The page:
Algae Cultivation in Open Ponds – Q&A Can open ponds for algae cultivation use CO2 from industrial emissions? Yes, this is possible and many companies are already running pilot projects with this method. However, considerations need to given about the location of the ponds (they should be in proximity to power plants) and also the solubility of the flue gas components in water. The target is carbon dioxide, but the solubility of other elements (sulfur oxides, nitrogen oxides, oxygen, etc.) must be simultaneously considered. More answers are provided for the following questions. Can open ponds for algae cultivation use CO2 from industrial emissions? Can we have a hybrid of open pond and closed systems? Is a closed pond similar to green house? What are the materials used in closing the pond?

Detailed inputs on the methods by which flue gas can be supplied to the ponds are provided in this section. In addition, extensive details are provided on each aspect of cultivation in open and closed systems. Oilgae – Home of Algal Energy – www.oilgae.com


Chapter 13 Algae Grown in Sewage & Wastewater

In some parts of the world, algae are already being used for the bioremediation of sewage and waste water. Algae cultivation for biofuels in sewage or wastewater provides an opportunity to achieve twin benefits. One, it results in cost-effective treatment of waste water/sewage and two, owing to the ready availability of nutrients in the medium, it also results in lower costs of algal biomass production. This chapter provides extensive details on this exciting opportunity, and provides ready-to-use guidance for those keen on exploring this avenue further.

13.1 Concepts 13.2 Process 13.3 Algae Strains that Grow Well in Sewage & Wastewater 13.4 Prominent Companies Growing Algae in Wastewater 13.5 Case Studies 13.6 Challenges Associated with Growing Algae in Sewage for Oil 13.7 Updates & Factoids 13.8 Algae Cultivation in Sewage – Q&A 13.9 Research & Experiments 13.10 Sewage & Wastewater Reference

Q&A In this section we have provided detailed answers for the following questions: At which stage of wastewater treatment are algae introduced? As sewage already contains nutrient, is there any need for additional nutrients for algae cultivation in sewage? Are there algae predators in sewage? Will toxins affect algae growth in sewage? Which is the best algae harvesting method for sewage cultivation? What are the natural microfloras in sewage?

Oilgae – Home of Algal Energy – www.oilgae.com


SAMPLE TOPIC

Process Schematic for Tertiary Wastewater Treatment with Microalgae

Raw Sewage

N, P

C 1st Stage Green algae ponds Sunlight and CO2

Sludge

Primary Treatment

Bacterial decomposition

Green algae

Settling/Microstraining CO2 2nd Stage

Algae biomass

N, P

Green algae

Batch ponds Settling

Algae biomass

P Sunlight and CO2

N2 Fixing blue green algae

Microstraining

Algae biomass

rd

3 Stage N2 Fixing blue green algal ponds

Reclaimed water

This chapter provides detailed descriptions of the step-by-step processes of algae cultivation in sewage and strains that are highly suitable for the same.

Oilgae – Home of Algal Energy – www.oilgae.com


Chapter 14 Algae Grown in Desert

Deserts provide algae a high amount of sunlight that has the potential to enhance photosynthesis, thus resulting in high oil yields. The availability of land in deserts is high ( at low costs ) thus facilitating cost-effective and scalable algaculture. These advantages make deserts an attractive environment for algae-fuel ventures. However, desert environments also present significant challenges in terms of logistics, high temperatures and water availability. What are being done by companies to exploit the advantages and overcome the challenges of desert-based algae cultivation for fuel? This chapter provides insights, case studies, data and answers to frequently asked questions in these contexts.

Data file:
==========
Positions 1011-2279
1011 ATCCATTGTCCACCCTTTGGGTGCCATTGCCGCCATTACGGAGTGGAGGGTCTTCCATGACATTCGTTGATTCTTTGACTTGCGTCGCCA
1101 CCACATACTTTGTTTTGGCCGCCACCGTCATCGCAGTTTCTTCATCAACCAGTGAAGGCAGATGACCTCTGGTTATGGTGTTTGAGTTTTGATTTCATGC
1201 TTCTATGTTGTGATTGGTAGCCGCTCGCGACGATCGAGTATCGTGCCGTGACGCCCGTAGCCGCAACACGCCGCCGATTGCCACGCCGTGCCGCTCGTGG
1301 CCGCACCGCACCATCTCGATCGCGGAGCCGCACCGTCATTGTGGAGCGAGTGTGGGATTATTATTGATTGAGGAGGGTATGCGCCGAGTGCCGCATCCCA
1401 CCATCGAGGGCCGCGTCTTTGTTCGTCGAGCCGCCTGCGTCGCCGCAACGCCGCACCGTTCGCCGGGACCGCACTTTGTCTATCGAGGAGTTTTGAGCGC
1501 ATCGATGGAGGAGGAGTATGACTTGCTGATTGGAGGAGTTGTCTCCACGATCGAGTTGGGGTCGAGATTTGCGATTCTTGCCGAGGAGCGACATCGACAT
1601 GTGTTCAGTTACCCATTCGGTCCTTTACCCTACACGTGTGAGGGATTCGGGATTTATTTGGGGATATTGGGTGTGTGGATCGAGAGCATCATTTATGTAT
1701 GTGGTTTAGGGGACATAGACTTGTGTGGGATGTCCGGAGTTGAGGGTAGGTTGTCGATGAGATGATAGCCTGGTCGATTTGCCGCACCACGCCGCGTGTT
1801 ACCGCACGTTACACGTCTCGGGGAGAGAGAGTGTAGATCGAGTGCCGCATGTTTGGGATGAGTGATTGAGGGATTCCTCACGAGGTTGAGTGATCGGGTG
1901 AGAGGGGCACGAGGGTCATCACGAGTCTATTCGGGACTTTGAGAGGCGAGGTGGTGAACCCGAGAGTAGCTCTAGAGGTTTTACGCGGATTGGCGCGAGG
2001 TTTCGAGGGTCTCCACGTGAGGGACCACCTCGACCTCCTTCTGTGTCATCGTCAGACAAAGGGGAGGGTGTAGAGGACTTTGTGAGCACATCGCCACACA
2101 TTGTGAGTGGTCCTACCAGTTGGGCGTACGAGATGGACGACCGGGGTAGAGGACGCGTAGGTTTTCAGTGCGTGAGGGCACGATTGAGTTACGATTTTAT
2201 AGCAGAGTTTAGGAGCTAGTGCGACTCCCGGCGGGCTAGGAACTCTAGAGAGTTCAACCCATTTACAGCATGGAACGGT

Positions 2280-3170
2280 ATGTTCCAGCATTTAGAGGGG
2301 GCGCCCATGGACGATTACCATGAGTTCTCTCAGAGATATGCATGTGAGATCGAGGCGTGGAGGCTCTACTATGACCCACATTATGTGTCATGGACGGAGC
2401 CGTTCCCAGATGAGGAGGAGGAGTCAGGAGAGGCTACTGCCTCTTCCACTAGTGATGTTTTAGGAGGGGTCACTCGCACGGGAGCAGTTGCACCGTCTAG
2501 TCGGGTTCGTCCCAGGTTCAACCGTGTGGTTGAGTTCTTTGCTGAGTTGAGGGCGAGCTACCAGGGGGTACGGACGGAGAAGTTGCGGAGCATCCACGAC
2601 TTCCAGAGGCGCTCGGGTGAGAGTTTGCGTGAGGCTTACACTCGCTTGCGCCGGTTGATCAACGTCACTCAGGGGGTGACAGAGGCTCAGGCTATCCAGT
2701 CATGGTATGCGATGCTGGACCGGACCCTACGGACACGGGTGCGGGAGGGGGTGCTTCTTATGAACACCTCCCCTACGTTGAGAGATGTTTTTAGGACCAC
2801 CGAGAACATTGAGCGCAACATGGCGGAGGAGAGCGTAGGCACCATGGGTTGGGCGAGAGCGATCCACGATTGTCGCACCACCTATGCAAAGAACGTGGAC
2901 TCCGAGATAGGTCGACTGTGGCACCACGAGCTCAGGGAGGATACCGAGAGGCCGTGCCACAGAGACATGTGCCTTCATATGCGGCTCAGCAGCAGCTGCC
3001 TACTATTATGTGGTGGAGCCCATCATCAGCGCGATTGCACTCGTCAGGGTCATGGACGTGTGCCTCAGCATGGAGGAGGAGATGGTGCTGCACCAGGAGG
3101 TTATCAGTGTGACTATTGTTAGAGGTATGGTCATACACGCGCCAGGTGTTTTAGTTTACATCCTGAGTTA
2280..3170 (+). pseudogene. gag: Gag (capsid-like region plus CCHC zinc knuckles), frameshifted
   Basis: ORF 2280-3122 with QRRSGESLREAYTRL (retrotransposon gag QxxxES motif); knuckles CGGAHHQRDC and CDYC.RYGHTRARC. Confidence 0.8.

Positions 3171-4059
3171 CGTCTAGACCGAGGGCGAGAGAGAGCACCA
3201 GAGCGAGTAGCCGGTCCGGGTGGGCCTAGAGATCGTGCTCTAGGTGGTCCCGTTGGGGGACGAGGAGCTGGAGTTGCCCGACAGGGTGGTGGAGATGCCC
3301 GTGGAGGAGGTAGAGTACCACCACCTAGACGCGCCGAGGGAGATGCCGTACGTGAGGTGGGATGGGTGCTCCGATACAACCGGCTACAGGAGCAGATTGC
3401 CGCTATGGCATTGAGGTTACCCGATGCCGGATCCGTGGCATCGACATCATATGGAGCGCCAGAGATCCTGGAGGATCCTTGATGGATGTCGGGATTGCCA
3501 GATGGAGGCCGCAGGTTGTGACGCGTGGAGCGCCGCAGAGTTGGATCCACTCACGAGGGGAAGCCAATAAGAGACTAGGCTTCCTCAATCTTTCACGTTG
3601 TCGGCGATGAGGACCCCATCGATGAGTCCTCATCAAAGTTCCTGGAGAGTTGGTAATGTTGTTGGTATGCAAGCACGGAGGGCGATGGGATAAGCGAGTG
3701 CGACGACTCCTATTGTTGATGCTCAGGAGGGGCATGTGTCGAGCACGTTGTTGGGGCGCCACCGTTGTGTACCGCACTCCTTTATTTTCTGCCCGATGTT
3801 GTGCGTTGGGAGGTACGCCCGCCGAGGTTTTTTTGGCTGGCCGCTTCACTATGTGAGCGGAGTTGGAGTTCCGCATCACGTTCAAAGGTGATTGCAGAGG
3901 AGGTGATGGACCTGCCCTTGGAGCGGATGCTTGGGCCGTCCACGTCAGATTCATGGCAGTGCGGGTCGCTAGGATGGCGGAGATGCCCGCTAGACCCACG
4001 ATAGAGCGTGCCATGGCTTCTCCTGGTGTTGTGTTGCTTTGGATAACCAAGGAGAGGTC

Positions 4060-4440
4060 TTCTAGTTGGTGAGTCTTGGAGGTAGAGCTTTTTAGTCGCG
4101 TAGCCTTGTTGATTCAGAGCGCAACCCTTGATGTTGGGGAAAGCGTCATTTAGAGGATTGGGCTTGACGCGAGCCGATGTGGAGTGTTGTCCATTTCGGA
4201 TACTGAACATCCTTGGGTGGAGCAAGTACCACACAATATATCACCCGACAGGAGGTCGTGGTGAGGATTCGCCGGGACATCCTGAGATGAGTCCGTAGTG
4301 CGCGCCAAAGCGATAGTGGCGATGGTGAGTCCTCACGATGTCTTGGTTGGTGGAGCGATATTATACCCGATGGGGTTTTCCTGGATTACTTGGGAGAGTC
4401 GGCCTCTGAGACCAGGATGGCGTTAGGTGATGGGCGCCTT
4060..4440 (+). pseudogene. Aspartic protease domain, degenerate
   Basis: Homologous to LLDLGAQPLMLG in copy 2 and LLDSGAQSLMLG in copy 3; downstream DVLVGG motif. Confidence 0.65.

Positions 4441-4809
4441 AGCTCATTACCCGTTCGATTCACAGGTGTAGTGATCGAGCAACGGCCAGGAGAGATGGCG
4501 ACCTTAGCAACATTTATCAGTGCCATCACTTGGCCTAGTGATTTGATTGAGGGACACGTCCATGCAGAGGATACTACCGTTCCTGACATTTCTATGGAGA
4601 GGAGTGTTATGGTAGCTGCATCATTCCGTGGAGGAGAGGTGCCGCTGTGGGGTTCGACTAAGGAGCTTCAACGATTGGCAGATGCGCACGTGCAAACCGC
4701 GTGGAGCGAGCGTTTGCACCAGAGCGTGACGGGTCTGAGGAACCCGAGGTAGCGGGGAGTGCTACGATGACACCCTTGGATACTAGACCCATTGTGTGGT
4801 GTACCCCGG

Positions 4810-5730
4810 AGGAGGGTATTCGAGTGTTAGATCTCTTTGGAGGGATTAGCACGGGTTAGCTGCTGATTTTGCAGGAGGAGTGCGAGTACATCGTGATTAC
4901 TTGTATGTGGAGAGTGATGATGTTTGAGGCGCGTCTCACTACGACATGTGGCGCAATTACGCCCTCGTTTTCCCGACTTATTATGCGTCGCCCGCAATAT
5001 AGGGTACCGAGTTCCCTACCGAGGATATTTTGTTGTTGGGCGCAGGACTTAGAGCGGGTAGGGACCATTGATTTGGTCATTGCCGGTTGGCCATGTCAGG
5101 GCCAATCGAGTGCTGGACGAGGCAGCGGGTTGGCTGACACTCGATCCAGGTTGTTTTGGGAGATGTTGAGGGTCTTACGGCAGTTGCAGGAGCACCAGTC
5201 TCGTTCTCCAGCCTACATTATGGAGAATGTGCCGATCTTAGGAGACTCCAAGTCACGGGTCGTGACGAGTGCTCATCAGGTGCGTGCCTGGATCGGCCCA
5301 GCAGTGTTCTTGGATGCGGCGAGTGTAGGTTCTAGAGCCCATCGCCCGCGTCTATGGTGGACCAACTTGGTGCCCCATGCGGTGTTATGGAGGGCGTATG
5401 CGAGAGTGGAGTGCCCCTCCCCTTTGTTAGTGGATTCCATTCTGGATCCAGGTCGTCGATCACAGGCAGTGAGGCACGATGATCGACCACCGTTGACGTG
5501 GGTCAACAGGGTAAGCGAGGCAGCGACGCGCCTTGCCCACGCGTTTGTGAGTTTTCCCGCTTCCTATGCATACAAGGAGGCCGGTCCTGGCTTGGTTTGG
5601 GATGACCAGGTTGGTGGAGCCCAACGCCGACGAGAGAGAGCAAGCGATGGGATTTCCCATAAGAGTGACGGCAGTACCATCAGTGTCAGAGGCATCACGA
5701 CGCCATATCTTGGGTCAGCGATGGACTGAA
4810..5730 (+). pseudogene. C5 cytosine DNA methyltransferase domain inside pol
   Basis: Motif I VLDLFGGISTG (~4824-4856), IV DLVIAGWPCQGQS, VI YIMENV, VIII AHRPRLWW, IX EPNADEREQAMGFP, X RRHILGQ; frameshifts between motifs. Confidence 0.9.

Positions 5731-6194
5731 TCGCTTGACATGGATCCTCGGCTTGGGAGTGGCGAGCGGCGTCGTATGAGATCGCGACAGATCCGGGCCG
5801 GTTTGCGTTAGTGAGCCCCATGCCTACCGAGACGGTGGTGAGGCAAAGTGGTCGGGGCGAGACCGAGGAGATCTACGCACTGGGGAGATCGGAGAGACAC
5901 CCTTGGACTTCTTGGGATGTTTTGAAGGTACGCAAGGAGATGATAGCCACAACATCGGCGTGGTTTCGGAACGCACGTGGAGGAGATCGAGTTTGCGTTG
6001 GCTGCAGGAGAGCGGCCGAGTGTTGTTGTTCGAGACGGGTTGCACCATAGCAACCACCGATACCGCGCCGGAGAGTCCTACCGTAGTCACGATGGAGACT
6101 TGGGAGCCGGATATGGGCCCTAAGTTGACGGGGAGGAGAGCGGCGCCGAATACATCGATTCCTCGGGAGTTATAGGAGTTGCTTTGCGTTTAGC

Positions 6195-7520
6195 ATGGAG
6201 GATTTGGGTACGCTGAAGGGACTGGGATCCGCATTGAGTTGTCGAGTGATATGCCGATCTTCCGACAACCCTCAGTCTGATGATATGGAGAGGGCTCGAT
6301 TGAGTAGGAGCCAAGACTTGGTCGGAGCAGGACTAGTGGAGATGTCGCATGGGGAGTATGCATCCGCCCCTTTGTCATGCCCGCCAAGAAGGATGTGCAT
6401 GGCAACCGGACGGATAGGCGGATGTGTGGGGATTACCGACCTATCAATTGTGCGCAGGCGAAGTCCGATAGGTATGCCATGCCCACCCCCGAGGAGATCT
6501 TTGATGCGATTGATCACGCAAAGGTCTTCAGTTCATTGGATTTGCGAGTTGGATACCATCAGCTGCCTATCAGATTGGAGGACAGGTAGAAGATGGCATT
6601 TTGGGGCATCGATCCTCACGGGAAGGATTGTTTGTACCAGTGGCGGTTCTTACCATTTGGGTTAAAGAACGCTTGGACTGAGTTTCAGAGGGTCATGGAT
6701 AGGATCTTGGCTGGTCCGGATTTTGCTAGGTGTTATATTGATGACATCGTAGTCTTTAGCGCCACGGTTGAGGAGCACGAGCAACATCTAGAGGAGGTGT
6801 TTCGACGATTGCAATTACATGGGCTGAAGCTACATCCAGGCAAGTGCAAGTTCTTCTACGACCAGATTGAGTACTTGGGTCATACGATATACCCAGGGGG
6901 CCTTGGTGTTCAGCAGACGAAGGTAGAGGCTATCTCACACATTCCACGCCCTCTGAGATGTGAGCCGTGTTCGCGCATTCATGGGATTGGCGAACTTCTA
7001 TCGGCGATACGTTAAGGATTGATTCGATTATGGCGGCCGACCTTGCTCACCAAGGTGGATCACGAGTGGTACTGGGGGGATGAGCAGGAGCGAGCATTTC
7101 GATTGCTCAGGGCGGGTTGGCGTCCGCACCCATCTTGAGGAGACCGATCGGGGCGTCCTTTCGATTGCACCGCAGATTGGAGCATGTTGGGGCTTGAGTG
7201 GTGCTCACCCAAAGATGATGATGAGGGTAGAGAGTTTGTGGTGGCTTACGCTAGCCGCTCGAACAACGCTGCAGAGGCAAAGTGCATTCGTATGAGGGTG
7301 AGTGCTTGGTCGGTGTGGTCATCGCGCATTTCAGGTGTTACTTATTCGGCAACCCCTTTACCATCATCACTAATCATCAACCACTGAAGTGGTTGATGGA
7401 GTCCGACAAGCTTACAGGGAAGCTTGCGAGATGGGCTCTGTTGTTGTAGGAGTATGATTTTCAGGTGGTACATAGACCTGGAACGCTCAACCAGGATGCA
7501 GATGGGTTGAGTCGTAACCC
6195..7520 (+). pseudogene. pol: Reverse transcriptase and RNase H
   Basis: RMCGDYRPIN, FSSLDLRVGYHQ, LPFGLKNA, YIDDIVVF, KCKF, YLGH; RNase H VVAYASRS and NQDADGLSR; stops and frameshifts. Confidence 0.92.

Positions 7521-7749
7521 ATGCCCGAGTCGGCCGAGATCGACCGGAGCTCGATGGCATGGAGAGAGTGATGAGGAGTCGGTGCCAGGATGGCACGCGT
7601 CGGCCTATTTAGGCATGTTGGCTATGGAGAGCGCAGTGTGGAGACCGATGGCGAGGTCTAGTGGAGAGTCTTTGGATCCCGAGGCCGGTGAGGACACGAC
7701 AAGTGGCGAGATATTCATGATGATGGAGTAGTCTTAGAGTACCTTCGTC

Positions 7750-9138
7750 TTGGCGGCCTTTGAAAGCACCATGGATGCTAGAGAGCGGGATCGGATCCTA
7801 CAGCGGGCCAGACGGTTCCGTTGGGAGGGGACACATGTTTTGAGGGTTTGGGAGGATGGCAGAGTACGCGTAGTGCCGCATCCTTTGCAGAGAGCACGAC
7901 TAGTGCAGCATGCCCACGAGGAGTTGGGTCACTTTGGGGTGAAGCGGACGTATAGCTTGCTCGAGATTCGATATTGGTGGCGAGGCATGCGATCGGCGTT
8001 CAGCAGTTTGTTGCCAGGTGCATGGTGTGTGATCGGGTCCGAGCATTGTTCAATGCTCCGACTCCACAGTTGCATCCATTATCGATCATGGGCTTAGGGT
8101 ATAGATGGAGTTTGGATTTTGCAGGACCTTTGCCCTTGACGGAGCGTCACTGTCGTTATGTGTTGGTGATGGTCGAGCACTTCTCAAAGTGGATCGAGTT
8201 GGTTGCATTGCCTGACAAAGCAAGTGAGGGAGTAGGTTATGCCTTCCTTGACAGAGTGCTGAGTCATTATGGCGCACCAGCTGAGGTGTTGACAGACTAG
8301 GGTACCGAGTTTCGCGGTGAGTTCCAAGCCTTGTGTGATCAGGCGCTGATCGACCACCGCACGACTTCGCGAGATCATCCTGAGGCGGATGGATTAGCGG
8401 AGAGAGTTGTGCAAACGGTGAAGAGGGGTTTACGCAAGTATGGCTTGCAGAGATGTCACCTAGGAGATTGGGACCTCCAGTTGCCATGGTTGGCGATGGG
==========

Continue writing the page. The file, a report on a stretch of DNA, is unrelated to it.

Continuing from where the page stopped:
SAMPLE TOPIC

14.1 Introduction 14.2 Algae Strains that Grow Well in Desert Conditions 14.3 Algae Cultivated in Deserts – Companies & Updates 14.4 Desert Based Algae Cultivation – Q&A 14.5 Desert Cultivation of Algae – Factoids 14.6 Research

Algae Strains that Grow Well in Desert Conditions Algae Strains that Grow Well in Desert Conditions are: Cyanidium caldarium Spirulina Haematococcus pluvialis Microcoleus vaginatus - These cultures could resist the erosion of winds Strains that have been genetically modified to grow well in desert conditions

This chapter will provide inputs on the various aspects of growing algae in the desert for fuel. It will also provide examples and case studies of companies pursuing the desert-based algal cultivation method.

Q&A Detailed answers are provided for the following questions. What will be the source of water in desert regions? How can the problem of evaporation be overcome? Is it possible to cultivate algae in closed loop? In desert environments, which is best - open pond, closed pond or PBR? Can PBR withstand high temperatures?

Oilgae – Home of Algal Energy – www.oilgae.com


Chapter 15 Algae Grown in Marine & Saltwater Environment

The ocean and marine systems present an interesting opportunity for algaculture. This is owing to the availability of large tracts of ocean areas, their non-interference with land areas that could be used for food crops or to enhance biodiversity, and the possible low cost of cultivation owing to low land cost and free availability of nutrients. Research into ocean-based algae cultivation is however quite recent. This chapter provides details on the optimal strains for ocean-based cultivation, processes and challenges involved, and updates on companies that are currently involved in these efforts.